Mister Scratch wrote:
I wouldn't worry about it, Harmony. For the most part, I think that those who were "offended" are merely putting on a display of incredibly immature Victorianism. I mean, at least one of the "offended" once said that he preferred to imagine that Heavenly Father impregnated Mary via artificial insemination rather than good, old fashioned coitus. It's therefore no surprise that a word like "prick" would send them scurrying for the smelling salts.
It's unfortunate that many people, quite a few Mormons among 'em, don't "worry about it" when they "offend" people. It's always the offendee's problem isn't it? I don't see a lot of statements on this thread about people being "offended". I thought the question was more one of whether the term "prick" when directed at a specific person, in anger (or what seems like an angry tone) is vulgar or not. I'm not quite sure at the moment if curse words are allowed in this forum at all (I know there are a few words that are blanked out) but looking at it purely from a language point of view, it seems there is no connotation other than vulgarity when used in the way harmony used it, whether she intended that or not. There is nothing scriptural, it would seem, in calling someone a "self-righteous prick".
As for being offended, who said they were? Other than perhaps DCP, although I can't see where he specifically stated that. But who wouldn't take it as the vulgarity it seems when stated to them directly?
A while back, a poster here called me a "bitch", out of the blue, for reasons I could not fathom. It didn't get moderated out but nor did I complain to the mods about it (and this was before the Great Moderational Experiment and I think that rules have changed since then). While many people might consider that a very mild comment and so common as not to even be vulgar any more, I'm not accustomed to being called a B. As well, in my work experience, any male who refers to a female with that term is being purposely offensive and it is often part of a larger habit and practice of abuse. I know it is not possible to weight our words and formulate our posts so as to tiptoe around each and every reader's unique sensibilities, whatever they may be, but it's fairly obvious that using derogatory or profane speech directed towards another (yes, even in cyberspace, as message boards particularly are a "community") has a high probability of wounding the other person or their supporters or many readers or all the above.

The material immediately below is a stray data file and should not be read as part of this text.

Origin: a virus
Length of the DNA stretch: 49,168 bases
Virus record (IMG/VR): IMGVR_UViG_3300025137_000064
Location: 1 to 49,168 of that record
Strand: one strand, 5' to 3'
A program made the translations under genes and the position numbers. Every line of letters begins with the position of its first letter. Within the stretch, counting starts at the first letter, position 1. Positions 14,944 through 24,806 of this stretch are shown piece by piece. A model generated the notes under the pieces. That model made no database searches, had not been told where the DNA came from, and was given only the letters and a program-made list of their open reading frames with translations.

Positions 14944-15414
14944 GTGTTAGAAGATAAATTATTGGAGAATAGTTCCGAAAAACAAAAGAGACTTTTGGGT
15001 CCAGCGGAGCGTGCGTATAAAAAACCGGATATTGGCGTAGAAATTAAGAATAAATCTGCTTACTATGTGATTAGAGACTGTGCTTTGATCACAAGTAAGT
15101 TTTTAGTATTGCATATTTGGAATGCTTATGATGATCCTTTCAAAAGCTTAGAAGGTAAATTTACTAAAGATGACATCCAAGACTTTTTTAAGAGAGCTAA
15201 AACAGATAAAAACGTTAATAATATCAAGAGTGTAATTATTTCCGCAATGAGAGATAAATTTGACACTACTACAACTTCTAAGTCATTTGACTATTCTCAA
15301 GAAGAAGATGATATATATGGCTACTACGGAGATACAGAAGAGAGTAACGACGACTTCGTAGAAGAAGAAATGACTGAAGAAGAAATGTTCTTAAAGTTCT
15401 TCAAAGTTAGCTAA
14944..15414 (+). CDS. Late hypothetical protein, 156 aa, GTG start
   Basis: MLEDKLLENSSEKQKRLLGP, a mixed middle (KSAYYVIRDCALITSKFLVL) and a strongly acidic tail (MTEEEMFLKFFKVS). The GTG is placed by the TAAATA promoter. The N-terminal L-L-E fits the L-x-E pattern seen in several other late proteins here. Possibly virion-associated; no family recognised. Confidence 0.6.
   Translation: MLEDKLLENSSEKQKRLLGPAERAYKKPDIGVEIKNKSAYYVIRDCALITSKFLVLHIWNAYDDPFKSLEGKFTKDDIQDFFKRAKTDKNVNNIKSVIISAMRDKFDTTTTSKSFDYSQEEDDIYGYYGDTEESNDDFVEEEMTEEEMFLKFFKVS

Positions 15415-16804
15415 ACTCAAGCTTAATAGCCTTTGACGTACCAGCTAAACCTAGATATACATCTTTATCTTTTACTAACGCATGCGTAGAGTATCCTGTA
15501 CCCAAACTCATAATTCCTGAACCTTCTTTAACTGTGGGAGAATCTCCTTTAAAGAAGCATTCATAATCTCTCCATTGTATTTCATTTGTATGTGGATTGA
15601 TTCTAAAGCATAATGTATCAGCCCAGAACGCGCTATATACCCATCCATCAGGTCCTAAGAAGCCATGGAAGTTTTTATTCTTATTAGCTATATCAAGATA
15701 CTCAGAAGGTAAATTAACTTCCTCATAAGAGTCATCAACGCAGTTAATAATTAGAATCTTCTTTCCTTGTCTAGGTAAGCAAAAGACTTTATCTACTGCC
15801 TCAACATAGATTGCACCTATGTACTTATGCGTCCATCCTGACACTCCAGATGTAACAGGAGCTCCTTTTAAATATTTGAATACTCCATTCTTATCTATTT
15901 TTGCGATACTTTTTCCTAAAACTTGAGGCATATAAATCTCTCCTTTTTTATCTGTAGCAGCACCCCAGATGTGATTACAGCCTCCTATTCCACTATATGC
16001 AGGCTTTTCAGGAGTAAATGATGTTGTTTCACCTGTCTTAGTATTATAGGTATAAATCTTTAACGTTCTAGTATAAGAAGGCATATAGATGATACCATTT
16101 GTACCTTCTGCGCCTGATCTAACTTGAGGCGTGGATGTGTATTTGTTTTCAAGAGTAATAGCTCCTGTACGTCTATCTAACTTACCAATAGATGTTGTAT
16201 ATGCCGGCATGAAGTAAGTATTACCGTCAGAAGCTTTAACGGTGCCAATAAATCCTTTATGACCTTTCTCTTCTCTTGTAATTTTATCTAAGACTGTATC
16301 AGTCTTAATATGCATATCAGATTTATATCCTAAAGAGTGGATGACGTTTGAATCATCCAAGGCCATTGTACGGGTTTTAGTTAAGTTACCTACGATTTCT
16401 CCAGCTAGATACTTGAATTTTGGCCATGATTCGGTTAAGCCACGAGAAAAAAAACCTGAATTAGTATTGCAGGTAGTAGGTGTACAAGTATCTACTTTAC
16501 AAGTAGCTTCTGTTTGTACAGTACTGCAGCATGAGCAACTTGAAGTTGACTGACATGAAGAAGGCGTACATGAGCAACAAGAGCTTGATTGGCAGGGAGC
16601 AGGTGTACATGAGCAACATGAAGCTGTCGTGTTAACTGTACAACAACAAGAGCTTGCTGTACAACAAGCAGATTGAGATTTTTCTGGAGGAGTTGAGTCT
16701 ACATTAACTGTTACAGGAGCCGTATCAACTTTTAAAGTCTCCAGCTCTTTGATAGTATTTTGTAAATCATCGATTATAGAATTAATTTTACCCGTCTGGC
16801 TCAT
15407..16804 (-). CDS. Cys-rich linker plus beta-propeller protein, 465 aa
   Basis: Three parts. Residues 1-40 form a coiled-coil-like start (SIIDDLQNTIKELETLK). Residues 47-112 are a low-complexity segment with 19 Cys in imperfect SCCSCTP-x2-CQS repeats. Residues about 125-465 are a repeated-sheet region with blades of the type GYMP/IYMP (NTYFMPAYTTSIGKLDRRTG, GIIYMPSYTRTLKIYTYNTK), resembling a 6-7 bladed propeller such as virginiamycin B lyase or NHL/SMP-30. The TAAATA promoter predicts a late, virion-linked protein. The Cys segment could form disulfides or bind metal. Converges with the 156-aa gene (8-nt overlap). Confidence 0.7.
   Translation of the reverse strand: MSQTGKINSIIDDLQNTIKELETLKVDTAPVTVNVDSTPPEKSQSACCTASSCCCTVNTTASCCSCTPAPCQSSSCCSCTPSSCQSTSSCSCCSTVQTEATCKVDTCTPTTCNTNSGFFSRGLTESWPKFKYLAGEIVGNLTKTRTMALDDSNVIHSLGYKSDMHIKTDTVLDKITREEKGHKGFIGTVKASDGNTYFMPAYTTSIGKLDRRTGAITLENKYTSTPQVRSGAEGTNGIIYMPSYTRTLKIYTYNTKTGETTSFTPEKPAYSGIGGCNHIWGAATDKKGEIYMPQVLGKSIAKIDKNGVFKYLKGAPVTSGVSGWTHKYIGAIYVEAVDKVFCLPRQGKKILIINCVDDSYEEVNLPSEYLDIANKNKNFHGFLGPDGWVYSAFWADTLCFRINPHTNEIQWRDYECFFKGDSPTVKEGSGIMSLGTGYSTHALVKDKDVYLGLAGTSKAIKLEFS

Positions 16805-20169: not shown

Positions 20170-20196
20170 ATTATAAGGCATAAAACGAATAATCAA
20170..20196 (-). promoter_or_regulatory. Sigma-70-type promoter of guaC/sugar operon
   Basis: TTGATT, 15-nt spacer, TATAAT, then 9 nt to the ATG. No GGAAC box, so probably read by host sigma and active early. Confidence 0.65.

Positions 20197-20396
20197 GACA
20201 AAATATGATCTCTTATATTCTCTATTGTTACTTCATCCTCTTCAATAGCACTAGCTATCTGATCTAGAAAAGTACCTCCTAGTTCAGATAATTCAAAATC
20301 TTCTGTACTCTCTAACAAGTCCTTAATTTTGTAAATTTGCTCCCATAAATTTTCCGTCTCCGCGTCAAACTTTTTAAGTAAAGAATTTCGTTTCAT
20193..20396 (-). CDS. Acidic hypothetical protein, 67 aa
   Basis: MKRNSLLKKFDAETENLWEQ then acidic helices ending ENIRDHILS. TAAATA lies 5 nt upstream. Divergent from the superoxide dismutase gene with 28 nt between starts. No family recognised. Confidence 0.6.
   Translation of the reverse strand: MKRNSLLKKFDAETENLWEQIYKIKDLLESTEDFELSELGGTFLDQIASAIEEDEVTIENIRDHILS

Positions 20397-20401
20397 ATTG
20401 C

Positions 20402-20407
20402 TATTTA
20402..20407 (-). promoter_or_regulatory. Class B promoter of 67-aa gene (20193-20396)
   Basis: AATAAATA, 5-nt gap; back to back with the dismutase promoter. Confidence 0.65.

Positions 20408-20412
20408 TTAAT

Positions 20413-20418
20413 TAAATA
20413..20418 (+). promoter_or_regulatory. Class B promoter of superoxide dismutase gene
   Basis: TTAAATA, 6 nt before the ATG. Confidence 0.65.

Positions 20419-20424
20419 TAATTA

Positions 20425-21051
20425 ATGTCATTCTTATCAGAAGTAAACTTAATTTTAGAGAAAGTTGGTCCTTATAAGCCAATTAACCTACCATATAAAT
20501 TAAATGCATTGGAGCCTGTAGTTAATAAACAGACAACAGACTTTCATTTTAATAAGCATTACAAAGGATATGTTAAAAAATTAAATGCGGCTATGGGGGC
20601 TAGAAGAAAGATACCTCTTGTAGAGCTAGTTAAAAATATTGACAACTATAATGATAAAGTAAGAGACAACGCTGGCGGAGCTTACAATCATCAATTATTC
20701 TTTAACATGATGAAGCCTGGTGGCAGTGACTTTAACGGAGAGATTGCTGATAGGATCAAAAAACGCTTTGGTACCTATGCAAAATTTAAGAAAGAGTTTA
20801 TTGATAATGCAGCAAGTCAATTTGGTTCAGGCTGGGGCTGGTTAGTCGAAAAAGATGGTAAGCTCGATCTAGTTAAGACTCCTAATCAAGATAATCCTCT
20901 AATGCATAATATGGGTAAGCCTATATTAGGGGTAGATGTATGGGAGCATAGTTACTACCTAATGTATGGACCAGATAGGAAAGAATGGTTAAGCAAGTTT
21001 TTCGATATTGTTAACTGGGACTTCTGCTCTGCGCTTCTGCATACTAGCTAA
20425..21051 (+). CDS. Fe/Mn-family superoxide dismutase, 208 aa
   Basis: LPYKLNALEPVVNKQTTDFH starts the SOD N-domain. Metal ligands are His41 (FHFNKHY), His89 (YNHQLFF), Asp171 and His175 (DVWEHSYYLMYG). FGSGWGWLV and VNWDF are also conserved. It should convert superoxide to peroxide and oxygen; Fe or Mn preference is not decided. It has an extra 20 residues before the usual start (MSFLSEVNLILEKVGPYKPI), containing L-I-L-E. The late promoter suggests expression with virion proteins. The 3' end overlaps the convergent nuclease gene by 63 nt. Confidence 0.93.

To say that one doesn't care whether someone else takes their profanity personally does not make the "offended" one ridiculous but rather reflects poorly on the offender, no matter how much they deny that. To me, it's a bull-in-a-china-shop approach to human interaction to insist on one's right to be vulgar and then ridicule the party who takes issue with you for that. Bull or bully - close to the same thing in that sense.
Paying attention to the language we use to communicate, particularly crucial in the medium we are using here, is not "incredibly immature Victorianism" but rather displays a wish to maximize communication (very much needed given the subject matter here) and possibly a wish to conduct oneself civilly with other posters, which has to be the foundation of any board or else who would want to even participate?
Mr. Scratch, I'd be interested to see how you would react if DCP called you a "self-righteous prick". That would most instantly become the sig line of quite a few posters, including yours, I'm sure. Can you deny that you would take it as at least a very derogatory and offensive comment, if not acknowledge that it is listed in the dictionary to be "vulgar slang"?
That is all the point has been for me on this. Hardly immature. Hardly Victorian. Just stating a fact. It is vulgar slang. I believe there is a good chance that harmony did not realize that but still it's hard for me to imagine using a scriptural term and meaning in a derogatory way against a fellow church member (or anyone actually). So either way, it is surprising - that is all. I have no quarrel with harmony. I was just interested in the language part of this discussion and trying to be objective about that at least.
It's not "the word" as Scratch tries to portray it above. It is how it is used. That was the point. I can say "prick" 100 times a day at work and think nothing of it (with the connotation referred to in my above post re injections in a medical setting) but there can be no denying that using it as a derogatory noun, especially enhanced with a negative adjective, is bound to be seen as intending offence. Even in the 21st Century.